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Open Access Open Badges Research article

Microsatellites reveal a strong subdivision of genetic structure in Chinese populations of the mite Tetranychus urticae Koch (Acari: Tetranychidae)

Jing-Tao Sun1, Chunlan Lian2, Maria Navajas3 and Xiao-Yue Hong1*

Author Affiliations

1 Department of Entomology, Nanjing Agricultural University, Nanjing, Jiangsu 210095, China

2 Asian Natural Environmental Science Center, The University of Tokyo, Midori-cho 1-1-8, Nishitokyo-shi, Tokyo 188-0002, Japan

3 INRA, CBGP, Campus International de Baillarguet, CS 30016, 34988 Montferrier-sur-Lez, France

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BMC Genetics 2012, 13:8  doi:10.1186/1471-2156-13-8

Published: 21 February 2012



Two colour forms of the two-spotted spider mite (Tetranychus urticae Koch) coexist in China: a red (carmine) form, which is considered to be native and a green form which is considered to be invasive. The population genetic diversity and population genetic structure of this organism were unclear in China, and there is a controversy over whether they constitute distinct species. To address these issues, we genotyped a total of 1,055 individuals from 18 red populations and 7 green populations in China using eight microsatellite loci.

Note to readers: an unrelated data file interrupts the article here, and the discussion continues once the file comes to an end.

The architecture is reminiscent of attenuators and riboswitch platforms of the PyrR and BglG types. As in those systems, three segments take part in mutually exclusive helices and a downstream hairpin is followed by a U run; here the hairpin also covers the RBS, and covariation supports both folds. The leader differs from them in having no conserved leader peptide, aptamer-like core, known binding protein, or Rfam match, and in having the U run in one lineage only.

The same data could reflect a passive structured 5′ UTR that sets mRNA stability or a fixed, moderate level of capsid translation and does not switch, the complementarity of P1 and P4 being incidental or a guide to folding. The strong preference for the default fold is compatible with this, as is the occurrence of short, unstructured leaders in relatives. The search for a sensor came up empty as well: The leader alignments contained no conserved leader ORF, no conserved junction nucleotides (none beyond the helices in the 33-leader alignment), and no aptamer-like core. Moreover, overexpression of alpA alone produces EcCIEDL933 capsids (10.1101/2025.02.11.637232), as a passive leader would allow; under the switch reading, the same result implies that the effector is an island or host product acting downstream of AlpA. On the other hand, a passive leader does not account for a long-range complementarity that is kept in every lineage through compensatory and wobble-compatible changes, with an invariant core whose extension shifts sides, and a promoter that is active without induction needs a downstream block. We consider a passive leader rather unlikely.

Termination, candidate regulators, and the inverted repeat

We identified 109 alleles. We found a highly significant genetic differentiation among the 25 populations (global FST = 0.506, global FST {ENA} = 0.473) and a low genetic diversity in each population. In addition, genetic diversity of the red form mites was found to be higher than the green form. Pearson correlations between statistics of variation (AR and HE) and geographic coordinates (latitude and longitude) showed that the genetic diversity of the red form was correlated with latitude. Using Bayesian clustering, we divided the Chinese mite populations into five clades which were well congruent with their geographic distributions.


Spider mites possess low levels of genetic diversity, limit gene flow between populations and significant and IBD (isolation by distance) effect. These factors in turn contribute to the strong subdivision of genetic structure. In addition, population genetic structure results don't support the separation of the two forms of spider mite into two species. The morphological differences between the two forms of mites may be a result of epigenetic effects.

Two-spotted spider mite; Green form; Red form; Genetic diversity; Null alleles